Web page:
First, you start with a pithy, attention-grabbing headline.
DNI Clapper Declassifies Intelligence Community Documents Regarding Collection Under Section 501 of the Foreign Intelligence Surveillance Act (FISA)
Now that the news editors have sniffed the bait (and probably gagged), it’s time to get them to spit the hook. News editors see hundreds of press releases each day, all competing for attention. If you can deaden the first paragraph of your press release so that it takes more than five seconds to read, you’re practically putting their fingers on the DELETE key. Anything longer than a Twitter posting — 140 characters or less — is guaranteed to make their eyes glaze.
In June of this year, President Obama directed me to declassify and make public as much information as possible about certain sensitive intelligence collection programs undertaken under the authority of the Foreign Intelligence Surveillance Act (FISA) while being mindful of the need to protect national security. Consistent with this directive, today I authorized the declassification and public release of a number of documents pertaining to the Government’s collection of bulk telephony metadata under Section 501 of the FISA, as amended by Section 215 of the USA PATRIOT Act. These documents were properly classified, and their declassification is not done lightly. I have determined, however, that the harm to national security in these circumstances is outweighed by the public interest. Release of these documents reflects the Executive Branch’s continued commitment to making information about this intelligence collection program publicly available when appropriate and consistent with the national security of the United States.
Tut-tut! It has nothing to do with the Freedom Of Information Act requests filed by newspapers and civil liberties groups; this is a generous, voluntary gesture by a benevolent spy agency that would rather ingest cyanide than divulge its secrets. But in the off chance that someone is still reading, now’s the time to hit them with the punchline:
Some information has been redacted because these documents include discussion of matters that continue to be properly classified for national security reasons and the harm to national security would be great if disclosed. These documents will be made available at the website of the Office of the Director of National Intelligence (www.dni.gov), and on the recently established public website dedicated to fostering greater public visibility into the intelligence activities of the Government (IContheRecord.tumblr.com).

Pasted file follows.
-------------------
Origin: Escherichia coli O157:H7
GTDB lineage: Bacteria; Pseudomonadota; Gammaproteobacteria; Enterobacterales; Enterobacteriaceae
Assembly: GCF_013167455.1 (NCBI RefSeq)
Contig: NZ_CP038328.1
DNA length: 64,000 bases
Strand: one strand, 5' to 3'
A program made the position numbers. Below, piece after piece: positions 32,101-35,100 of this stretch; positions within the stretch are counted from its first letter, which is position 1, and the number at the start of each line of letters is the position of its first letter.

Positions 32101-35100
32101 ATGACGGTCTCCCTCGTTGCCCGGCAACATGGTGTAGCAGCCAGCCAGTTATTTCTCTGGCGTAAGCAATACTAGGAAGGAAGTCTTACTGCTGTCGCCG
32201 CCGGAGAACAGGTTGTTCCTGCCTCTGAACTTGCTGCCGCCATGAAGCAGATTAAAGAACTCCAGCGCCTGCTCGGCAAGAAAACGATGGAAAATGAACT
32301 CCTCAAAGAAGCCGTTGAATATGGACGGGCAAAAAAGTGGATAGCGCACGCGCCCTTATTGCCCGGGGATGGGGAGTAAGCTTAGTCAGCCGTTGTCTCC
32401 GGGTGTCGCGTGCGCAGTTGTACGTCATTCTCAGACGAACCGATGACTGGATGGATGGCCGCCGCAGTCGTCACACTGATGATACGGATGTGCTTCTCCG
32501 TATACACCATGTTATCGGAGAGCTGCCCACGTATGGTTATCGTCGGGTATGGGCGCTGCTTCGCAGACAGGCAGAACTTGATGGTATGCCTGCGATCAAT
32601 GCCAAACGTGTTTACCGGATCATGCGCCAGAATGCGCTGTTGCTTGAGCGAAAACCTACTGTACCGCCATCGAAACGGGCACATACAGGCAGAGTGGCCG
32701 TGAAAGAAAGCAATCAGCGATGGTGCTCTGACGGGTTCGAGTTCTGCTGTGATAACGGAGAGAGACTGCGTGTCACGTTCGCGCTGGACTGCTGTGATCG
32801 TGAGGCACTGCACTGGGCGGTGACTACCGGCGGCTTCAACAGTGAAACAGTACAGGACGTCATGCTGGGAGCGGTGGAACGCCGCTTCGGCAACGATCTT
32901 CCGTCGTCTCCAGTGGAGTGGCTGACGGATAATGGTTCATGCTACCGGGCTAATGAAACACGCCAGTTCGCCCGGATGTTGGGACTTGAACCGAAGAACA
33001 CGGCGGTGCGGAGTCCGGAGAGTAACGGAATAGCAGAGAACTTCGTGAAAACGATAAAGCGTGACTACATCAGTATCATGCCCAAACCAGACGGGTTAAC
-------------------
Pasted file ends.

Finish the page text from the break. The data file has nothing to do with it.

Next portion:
So, the documents have been redacted to eliminate any items of interest, and — here’s the master stroke — they haven’t even been posted yet. But it’s brilliant to list the URLs in the press release just so the editor can take some extra time to go to the sites to make sure they aren’t there. [UPDATE: They’re up as of Sept. 11. Thanks for your patience.]
Extra points, by the way, for the catchy title for the website, I Con the Record, and the inspired choice of Tumblr as a venue for posting the documents, which instantly conveys a level of seriousness and trustworthiness.
But let’s forge on:
The documents released today were provided to Congress at the time of the events in question and include orders and opinions from the Foreign Intelligence Surveillance Court (FISC), filings with that court, an Inspector General Report, and internal NSA documents. They describe certain compliance incidents that were discovered by NSA, reported to the FISC and the Congress, and resolved four years ago. As demonstrated in these documents, once compliance incidents were discovered in the telephony metadata collection program, additional checks, balances, and safeguards were developed to help prevent future instances of non-compliance.
So here’s a case of the buried lede: He waits until the tenth and final paragraph of the press release to inform us that everything has been fixed and thus, since 2009, there have been no further incidents that warrant greater public visibility.
CORRECTION: Because of an editing incident, selected captions on the photos accompanying this article were inadvertently non-compliant with established editing standards. Safeguards are being implemented to help prevent future editing incidents.